Illustrator Owen Davey shares his tips for crafting incredible animals
Owen Davey is an award-winning Illustrator, living & working in Leicester, UK. He is primary illustrator for TwoDots which has been #1 in over 70 countries, as well as the illustrator of iPad App of the Year 2015 game, The Robot Factory.
His ongoing collaboration with Flying Eye Books has led to best selling titles: Mad About Monkeys, Smart About Sharks and Crazy About Cats. His work has been published in every continent except Antarctica, including picture books in UK, America, Australia, Germany, France, The Netherlands, Portugal, China, Sweden, Russia & South Korea. The latest in Owen Davey’s animal series Bonkers About Beetles explores the wonderful world of these six-legged creatures.
Describe your working process – Which digital tools and techniques do you use when creating /building animals and their facial expressions? Describe one or two and how they can be used:
When illustrating animals I always sketch them out first. I like to try and think in shapes as I work. To try and simplify down their essential features whilst I draw them. It makes it much easier for when I move into the digital phase, working with Photoshop to render them.
I collect reference of poses from similar shaped animals to help me get exactly what I want from the creature I’m illustrating.
Do you draw from life or reference materials? Which technique works best for you?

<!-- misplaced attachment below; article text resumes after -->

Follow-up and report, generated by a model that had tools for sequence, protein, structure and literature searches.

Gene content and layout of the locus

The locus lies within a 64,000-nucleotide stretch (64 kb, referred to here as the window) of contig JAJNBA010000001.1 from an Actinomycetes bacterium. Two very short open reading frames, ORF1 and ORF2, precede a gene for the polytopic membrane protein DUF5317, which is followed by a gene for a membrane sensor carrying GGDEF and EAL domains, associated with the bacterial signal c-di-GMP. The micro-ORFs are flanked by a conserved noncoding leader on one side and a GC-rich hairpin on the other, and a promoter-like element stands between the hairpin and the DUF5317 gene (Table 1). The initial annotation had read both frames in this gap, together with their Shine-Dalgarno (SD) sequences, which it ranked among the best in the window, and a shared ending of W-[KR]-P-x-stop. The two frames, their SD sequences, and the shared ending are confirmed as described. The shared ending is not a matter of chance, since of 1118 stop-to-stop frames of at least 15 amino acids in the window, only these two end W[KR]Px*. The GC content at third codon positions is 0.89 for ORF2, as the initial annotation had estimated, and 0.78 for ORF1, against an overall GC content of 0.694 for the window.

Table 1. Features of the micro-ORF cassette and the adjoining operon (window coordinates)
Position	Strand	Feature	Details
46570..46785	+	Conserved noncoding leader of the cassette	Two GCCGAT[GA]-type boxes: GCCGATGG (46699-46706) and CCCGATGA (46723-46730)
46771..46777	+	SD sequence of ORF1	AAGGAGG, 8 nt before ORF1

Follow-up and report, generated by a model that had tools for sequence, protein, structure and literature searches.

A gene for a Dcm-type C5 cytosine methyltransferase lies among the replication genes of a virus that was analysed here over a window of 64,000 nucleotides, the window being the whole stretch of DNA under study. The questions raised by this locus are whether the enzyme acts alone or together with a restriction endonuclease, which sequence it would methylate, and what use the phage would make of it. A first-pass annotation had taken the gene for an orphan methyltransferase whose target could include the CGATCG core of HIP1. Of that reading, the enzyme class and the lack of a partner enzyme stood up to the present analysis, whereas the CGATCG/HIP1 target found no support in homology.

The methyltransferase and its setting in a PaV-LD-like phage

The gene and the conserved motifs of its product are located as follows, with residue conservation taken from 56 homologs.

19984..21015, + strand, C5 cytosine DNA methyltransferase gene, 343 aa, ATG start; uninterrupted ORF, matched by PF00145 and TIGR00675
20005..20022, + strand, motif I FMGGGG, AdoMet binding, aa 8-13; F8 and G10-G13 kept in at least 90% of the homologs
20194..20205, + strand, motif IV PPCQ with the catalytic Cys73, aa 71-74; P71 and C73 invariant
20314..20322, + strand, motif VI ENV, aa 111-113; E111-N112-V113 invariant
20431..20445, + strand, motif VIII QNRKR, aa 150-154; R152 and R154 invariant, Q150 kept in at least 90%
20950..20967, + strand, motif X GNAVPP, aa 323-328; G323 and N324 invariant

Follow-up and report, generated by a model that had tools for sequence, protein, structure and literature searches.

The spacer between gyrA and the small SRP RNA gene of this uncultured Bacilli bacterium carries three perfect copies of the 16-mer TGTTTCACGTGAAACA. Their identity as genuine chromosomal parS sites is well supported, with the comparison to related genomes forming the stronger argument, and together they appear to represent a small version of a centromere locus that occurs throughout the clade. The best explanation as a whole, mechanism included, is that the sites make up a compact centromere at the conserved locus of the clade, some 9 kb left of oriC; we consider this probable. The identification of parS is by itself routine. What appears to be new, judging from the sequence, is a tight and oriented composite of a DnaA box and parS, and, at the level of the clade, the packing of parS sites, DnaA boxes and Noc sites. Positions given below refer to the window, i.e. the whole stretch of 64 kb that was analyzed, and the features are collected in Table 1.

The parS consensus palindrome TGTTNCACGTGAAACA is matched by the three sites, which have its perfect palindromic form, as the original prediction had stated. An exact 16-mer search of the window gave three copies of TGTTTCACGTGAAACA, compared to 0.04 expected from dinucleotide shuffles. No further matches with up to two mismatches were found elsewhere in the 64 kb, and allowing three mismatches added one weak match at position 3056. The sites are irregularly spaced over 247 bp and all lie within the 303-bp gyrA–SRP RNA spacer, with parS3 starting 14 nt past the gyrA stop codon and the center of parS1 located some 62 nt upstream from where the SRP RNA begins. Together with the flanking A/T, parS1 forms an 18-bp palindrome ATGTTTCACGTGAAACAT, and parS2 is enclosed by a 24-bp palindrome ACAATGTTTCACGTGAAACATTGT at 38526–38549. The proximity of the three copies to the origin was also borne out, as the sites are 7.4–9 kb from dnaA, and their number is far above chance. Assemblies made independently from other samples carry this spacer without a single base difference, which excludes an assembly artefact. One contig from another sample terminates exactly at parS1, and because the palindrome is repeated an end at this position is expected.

I pretty much always work from a collection of reference materials. Never work from one, because you may stumble into copyright issues, or at a more basic level, have accidentally chosen a weird-looking animal that is not representative of it’s species in terms of colouration or something. I tend to collect visual reference from documentaries, films, books and the internet. Sometimes I collect reference of poses from similar shaped animals to help me get exactly what I want from the creature I’m illustrating.
What are the main challenges involved with drawing animals realistically?
Getting their essence down on paper and not making them lifeless. Sometimes when I try to represent them too accurately they become a bit soulless. It’s only when I add in some of my own designed visual language that they start to take on a life of their own.
It’s only when I add in some of my own designed visual language that they start to take on a life of their own.
Do you have any advice for illustrators who are interested in drawing animals using handmade techniques and tools?
I always draw animals with shapes and try to think of their body or head shapes as a whole before I get into the nitty gritty details. Once you have the overarching shape of them pinned down, the rest comes much easier, and you don’t end up with a strange skew-whiff version of the creature.
This interview was originally featured in How to draw animals: 55 brilliant tips published by Digital Arts and written by Lisa Hassell.